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Did you know that the scientific name for peppers is Capsicum?
All peppers contain a pungent molecule called capsaicin, and spiciness, using the Scoville scale, is measured by the concentration of this molecule. Scoville Heat Units (or SHUs) can range from 0 SHUs for bell peppers to the current Guinness World Record-holder for hottest pepper, the Carolina Reaper, at over 1.4 million SHUs.
The capsaicin molecule binds to pain receptors called TRPV1. That creates the sensation of heat, causing a burning feeling. It tricks our brains into thinking our mouths are on fire—but without the tissue damage. Sometimes we even get a runny nose or watery eyes, or we start sweating!
Jalapeno peppers have 2,500 to 8,000 SHUs, cayenne peppers have 30,000 to 50,000 SHUs, Scotch Bonnets are at 100,000 to 350,000 SHUs, Bhut Jolokia (ghost peppers) come in at 1,000,000 SHUs and pure capsaicin has 16,000,000 SHUs.
Explore the science of peppers that pack a punch
Many people around the world eat hot peppers every day, and most cultures incorporate spice into their cuisine in some way. It is just part of the food that they enjoy. Like riding a roller coaster or watching a horror movie, eating hot peppers can give you the sensation of danger while you are actually staying quite safe.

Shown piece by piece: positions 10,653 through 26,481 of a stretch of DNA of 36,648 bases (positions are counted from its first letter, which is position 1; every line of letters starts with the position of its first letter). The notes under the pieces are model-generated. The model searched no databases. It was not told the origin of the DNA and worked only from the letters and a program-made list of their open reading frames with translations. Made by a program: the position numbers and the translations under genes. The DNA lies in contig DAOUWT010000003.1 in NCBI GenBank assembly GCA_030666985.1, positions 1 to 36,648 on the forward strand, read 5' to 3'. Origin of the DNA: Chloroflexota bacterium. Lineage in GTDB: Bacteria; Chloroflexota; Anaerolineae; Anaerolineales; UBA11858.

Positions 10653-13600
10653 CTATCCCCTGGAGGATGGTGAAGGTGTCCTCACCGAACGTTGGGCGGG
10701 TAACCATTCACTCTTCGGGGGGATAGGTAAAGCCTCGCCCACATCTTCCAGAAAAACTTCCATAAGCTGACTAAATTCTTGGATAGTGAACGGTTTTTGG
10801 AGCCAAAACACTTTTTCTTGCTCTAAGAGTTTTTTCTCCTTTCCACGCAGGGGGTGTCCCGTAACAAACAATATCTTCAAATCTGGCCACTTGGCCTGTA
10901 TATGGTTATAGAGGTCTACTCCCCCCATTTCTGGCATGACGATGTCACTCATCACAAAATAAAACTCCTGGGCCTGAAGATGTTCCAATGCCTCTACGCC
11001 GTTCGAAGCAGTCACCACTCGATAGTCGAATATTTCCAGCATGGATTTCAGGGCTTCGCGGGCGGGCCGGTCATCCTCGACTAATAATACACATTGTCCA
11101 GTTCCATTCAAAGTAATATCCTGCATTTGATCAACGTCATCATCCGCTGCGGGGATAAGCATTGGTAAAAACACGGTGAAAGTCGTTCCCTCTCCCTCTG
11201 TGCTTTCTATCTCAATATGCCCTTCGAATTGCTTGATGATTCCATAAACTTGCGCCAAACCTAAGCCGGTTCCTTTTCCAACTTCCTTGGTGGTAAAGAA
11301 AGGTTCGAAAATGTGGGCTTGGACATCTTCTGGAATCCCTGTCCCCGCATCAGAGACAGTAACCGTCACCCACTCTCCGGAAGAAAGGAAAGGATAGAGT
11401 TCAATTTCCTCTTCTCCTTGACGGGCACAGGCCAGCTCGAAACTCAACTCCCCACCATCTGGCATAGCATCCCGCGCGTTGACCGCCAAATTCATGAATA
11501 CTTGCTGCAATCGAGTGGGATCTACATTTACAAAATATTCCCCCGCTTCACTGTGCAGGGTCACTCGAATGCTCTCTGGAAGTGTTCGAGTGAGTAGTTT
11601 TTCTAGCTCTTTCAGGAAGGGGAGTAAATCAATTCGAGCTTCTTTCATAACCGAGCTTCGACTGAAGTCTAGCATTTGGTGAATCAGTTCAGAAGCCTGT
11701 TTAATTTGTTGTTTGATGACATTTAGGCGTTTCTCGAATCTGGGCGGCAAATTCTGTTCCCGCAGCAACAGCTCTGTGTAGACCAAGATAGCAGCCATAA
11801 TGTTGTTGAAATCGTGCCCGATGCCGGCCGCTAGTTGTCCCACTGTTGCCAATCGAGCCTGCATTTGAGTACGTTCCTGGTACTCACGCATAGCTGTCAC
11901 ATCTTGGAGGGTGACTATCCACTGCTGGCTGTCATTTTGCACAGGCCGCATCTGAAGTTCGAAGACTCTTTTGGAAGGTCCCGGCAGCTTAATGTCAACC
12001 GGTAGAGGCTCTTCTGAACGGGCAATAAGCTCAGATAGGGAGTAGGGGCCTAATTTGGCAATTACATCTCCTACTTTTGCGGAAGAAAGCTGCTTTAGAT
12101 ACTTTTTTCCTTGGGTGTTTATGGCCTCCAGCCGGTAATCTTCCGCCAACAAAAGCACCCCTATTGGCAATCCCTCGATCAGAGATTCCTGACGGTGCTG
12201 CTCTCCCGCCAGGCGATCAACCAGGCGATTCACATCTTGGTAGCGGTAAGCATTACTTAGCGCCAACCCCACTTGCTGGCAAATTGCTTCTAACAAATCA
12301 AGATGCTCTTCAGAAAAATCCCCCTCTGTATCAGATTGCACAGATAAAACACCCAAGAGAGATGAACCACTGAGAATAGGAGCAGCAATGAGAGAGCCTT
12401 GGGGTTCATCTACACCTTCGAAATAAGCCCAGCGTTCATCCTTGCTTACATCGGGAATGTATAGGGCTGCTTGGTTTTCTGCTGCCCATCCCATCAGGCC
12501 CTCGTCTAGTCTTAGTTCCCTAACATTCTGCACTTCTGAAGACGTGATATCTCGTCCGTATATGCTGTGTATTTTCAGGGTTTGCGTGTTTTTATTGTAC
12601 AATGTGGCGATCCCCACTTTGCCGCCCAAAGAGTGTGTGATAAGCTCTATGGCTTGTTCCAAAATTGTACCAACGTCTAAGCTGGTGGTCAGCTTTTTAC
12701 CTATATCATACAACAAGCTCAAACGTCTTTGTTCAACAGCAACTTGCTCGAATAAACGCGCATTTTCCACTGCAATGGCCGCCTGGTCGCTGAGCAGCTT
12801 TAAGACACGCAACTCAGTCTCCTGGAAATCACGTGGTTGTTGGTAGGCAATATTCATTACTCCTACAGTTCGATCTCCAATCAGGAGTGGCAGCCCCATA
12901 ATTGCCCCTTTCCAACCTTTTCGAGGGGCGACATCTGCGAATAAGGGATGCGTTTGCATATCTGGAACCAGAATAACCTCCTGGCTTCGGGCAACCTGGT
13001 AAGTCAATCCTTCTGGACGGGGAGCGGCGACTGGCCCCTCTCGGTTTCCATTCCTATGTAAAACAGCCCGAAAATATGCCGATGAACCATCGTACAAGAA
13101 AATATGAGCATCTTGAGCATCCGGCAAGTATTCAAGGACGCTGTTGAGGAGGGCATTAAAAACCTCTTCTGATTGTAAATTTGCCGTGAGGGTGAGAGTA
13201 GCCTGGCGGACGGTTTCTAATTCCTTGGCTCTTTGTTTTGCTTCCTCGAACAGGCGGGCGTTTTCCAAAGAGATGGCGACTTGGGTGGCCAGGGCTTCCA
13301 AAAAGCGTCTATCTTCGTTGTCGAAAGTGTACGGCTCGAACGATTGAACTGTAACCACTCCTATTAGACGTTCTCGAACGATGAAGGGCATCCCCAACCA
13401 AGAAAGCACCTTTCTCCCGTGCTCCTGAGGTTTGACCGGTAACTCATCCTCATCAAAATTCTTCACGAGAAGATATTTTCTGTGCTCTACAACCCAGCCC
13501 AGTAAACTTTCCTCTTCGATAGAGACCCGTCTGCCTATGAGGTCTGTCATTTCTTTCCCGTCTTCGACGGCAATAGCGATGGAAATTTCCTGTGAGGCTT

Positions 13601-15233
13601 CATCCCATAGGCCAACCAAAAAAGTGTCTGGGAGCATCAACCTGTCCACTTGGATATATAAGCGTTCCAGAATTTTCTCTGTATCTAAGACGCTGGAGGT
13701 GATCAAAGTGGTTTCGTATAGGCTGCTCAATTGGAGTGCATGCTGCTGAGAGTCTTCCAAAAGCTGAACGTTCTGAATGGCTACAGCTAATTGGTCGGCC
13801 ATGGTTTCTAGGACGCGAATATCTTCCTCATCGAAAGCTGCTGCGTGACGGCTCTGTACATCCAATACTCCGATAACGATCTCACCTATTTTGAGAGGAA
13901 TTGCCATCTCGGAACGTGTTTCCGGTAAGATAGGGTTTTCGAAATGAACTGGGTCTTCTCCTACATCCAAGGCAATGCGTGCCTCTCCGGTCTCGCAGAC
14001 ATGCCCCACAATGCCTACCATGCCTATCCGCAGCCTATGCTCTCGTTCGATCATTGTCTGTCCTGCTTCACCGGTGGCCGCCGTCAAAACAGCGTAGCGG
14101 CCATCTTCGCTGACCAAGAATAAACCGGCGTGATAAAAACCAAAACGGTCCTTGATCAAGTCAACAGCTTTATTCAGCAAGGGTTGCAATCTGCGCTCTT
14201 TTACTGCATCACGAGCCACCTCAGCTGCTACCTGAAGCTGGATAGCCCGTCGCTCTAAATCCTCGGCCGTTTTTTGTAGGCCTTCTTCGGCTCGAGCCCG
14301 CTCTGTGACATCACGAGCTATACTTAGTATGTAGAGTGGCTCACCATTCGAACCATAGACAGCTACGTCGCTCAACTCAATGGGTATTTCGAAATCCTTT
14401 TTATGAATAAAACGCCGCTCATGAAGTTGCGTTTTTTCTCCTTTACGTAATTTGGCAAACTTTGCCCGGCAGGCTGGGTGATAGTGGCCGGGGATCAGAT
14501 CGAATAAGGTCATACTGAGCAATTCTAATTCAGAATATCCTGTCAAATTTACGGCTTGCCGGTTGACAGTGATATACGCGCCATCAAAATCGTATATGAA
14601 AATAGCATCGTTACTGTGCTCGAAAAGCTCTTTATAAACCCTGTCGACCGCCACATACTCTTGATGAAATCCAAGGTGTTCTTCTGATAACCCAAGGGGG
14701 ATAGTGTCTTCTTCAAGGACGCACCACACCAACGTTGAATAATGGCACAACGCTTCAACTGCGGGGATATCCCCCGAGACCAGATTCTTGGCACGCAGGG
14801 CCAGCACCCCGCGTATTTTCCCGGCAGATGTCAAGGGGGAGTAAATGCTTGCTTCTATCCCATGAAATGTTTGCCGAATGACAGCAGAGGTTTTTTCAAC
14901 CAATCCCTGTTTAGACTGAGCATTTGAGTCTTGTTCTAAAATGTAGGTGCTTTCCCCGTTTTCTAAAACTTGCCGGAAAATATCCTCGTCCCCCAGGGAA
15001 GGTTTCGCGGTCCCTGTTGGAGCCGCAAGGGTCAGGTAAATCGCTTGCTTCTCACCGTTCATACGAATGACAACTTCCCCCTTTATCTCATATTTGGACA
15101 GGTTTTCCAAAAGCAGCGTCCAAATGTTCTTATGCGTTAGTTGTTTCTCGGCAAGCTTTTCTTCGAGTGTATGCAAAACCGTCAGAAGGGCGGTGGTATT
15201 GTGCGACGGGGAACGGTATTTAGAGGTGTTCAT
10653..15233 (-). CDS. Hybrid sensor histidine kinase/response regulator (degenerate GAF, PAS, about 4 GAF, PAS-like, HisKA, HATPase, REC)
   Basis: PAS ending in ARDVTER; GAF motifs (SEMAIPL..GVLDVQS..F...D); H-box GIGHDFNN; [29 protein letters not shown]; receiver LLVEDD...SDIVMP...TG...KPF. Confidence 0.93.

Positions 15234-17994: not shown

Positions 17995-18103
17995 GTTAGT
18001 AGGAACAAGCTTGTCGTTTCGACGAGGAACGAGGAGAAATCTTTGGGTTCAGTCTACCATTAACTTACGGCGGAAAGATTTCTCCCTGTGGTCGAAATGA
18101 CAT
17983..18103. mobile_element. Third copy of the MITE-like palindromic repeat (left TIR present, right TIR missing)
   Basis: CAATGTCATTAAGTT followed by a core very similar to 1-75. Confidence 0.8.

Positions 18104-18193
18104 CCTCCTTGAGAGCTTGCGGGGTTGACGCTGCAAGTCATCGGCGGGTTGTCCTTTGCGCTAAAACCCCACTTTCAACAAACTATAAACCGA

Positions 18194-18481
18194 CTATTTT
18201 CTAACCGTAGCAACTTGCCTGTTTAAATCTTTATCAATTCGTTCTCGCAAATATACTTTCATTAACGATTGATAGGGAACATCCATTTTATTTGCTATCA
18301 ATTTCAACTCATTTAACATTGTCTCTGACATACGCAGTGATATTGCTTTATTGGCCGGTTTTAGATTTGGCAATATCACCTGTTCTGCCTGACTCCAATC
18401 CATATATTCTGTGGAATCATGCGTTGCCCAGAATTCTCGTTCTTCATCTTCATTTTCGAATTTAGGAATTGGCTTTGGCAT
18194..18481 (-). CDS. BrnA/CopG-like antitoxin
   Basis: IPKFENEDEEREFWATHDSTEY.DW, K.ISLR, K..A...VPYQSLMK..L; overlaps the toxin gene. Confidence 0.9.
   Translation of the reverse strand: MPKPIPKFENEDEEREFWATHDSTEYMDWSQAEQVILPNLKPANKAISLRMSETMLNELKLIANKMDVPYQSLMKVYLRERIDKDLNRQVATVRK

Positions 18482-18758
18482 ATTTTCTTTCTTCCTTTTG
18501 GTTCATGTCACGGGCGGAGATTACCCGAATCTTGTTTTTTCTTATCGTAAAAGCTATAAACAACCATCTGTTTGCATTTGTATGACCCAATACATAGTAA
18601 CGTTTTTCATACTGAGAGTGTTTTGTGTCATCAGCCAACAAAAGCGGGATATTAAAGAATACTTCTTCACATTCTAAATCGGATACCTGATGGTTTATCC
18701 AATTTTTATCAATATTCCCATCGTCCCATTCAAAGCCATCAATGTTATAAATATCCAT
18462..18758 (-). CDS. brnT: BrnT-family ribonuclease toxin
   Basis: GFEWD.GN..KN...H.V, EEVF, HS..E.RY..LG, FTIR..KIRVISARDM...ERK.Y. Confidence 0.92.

How to handle the heat—literally
Holding an intact pepper won’t burn you. But once you cut into it, it could sting. The capsaicin concentration is highest inside the pepper— in the seeds and the pale membrane that is holding them (the pith).
If you have sensitive skin or any small cuts on your hands, or if you touch your mouth, nose or eyes, you might feel a burning sensation. (If you wear contact lenses, never put them in or take them out right after cutting peppers with your bare hands.)
Some people like to wear protective gloves while chopping peppers, but others prefer to wash their hands extremely thoroughly with warm soapy water. And don’t forget to clean your knife and cutting board, so the pepper oil doesn’t transfer to other foods.
What is the hottest pepper you have ever tried? What was your physical response? How does your tolerance for spicy food compare with that of your friends and family members? Do you normally eat spicy food, or only rarely? Do you notice whether you build up a tolerance for higher SHUs if you gradually expose your palate to hotter peppers over time?
Did you know?
Capsaicin can actually be used for pain relief in low concentrations, such as in topical ointments or creams, and may help lower blood pressure.